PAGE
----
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Subject injury program reduces claims costs at research institution
Office works as collaborator with PIs, others
Research institutions often lack policies and programs to deal with research participants' injuries. This neglected area of concern could prove problematic when injuries occur and result in litigation.
The University of California – San Francisco (UCSF) has handled this risk management issue by forming a subject injury group that has operated for the last six years under a system-wide subject injury policy.1
"When an event usually an adverse event report by the principal investigator (PI) is brought forward as a subject injury claim usually my office will do the initial investigation," says Carroll Child, RN, MSc, CCRP, clinical research risk manager, UCSF risk management/insurance services, and chair of the UCSF Subject Injury Group.
"We discuss the situation with PI and/or subject," he adds. "We try to bring together both sides of the equation."
The Subject Injury Group (SIG) works as a collaborator with PIs and subjects and serves as a liaison between the PI and the institution, Child says.
The SIG makes certain all parties agree with the facts and circumstances of the case, including the fact that what happened to the subject is indeed an injury related to the study.
When the case is adequately vetted by the SIG, the case is forwarded to the UC system-wide subject injury program for another assessment and determination.
"They work through a third-party administrator who also can investigate the claim if they choose to, looking at the past medical history," Child says. "The system-wide or university-wide Subject Injury Program makes the final determination."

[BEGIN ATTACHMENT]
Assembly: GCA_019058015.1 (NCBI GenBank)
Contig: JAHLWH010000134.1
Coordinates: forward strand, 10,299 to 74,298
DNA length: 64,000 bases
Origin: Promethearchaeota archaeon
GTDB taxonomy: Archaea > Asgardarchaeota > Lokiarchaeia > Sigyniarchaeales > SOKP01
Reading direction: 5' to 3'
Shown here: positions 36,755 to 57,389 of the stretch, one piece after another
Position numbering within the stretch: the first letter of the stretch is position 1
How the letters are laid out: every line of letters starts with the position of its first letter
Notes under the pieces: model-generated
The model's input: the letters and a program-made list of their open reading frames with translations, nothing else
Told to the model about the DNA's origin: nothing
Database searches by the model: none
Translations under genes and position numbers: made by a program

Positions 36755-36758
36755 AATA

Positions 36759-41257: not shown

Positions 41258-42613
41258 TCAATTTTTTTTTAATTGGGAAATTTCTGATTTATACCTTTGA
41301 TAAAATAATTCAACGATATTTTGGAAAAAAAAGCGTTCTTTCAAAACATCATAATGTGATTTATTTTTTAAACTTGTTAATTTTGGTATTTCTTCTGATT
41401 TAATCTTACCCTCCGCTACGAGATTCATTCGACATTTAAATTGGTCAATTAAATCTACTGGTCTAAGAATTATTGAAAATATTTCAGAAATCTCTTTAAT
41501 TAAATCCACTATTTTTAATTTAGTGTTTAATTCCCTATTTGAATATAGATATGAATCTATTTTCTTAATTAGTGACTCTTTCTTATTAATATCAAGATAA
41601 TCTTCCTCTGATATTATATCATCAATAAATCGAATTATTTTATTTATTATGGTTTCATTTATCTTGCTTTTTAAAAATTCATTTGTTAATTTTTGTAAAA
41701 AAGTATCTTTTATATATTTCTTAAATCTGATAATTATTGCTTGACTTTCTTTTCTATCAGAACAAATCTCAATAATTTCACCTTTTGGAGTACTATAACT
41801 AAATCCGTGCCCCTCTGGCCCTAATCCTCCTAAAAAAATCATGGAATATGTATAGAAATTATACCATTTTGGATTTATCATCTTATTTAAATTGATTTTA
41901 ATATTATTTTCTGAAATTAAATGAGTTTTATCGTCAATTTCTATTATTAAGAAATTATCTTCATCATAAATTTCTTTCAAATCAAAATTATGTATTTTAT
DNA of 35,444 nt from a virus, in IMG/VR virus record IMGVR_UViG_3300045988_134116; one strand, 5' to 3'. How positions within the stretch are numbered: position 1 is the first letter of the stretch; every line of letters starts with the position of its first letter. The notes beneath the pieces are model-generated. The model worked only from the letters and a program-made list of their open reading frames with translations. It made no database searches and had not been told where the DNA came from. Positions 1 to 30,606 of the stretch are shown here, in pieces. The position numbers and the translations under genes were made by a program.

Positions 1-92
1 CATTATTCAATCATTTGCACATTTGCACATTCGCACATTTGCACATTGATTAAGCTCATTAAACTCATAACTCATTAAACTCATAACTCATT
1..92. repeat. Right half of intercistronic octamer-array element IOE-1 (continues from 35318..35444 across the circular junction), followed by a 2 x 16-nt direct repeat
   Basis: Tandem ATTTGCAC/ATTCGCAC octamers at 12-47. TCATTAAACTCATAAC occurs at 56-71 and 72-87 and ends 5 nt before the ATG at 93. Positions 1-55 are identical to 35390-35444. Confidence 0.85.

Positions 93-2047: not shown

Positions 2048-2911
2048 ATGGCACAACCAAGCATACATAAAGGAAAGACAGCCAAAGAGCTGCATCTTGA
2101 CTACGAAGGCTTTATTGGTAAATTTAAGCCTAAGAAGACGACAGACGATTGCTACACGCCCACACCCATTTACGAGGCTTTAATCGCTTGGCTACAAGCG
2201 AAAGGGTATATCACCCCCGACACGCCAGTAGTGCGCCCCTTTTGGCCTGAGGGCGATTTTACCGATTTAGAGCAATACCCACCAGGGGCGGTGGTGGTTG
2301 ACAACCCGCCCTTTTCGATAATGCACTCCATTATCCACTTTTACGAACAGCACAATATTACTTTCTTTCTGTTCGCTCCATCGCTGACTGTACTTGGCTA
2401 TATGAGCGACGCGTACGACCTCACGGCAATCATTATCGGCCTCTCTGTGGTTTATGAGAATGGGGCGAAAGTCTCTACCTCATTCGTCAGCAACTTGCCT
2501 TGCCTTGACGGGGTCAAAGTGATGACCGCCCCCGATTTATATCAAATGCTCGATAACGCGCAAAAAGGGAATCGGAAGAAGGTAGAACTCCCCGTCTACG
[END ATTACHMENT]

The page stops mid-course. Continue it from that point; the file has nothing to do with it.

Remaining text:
Having a subject injury policy and program can help reduce costs, according to an analysis performed by Child and Bruce G. Flynn, MS.
Their study found that 57% of subject injury claims filed between Jan. 2006, and Jan. 2010, resulted in no direct costs to the subject injury program. Of the 43% that required payment costs to bring them to settlement, half were litigated outside of the subject injury program, and half were managed within the program.1
The litigated claims had settlement costs that were about 20-times higher than the non-litigated claims settled within the subject injury program, suggesting that such programs can result in significant cost benefits.1
Subject injury programs might not be a quick or easy answer, however.
"It's not a fast process," Child says. "It involves investigating the billings to vet them and determine which costs would be questioned in terms of treatment costs for an injury versus all the costs that are ongoing for someone with a complicated disease process."
This distinction is particularly an issue for studies involving treatments for complex diseases, such as for cancer patients or people with neurologic diseases like Parkinson's, he notes.
"Another thing my office gets involved in is managing the financial aspects of the case," Child says. "We work with patient financial services and other departments to secure holds on billings so the injured subjects don't get billed for the cost of treatment until there's a final determination."
The subject injury group meets six times a year. It consists of members who are concerned about subject injury, including Child and representatives from sponsor projects through industry, medical center risk management, legal affairs, and the IRB.
"Our subject injury program at the campus level is a close collaboration between the risk management office and the IRB here," Child says. "The IRB carries a lot of responsibility for subject injuries in terms of assessing the risks and benefits of the study."
The subject injury office works with the PI and subject on determining the facts of the case, including looking at these issues:
"Our policy states that we will provide treatment for study-related injuries, including injuries from procedures as well as from the study intervention itself," Child says. "But payment of the costs of such treatment may be covered by the University of California or by the study sponsor, depending on a number of factors."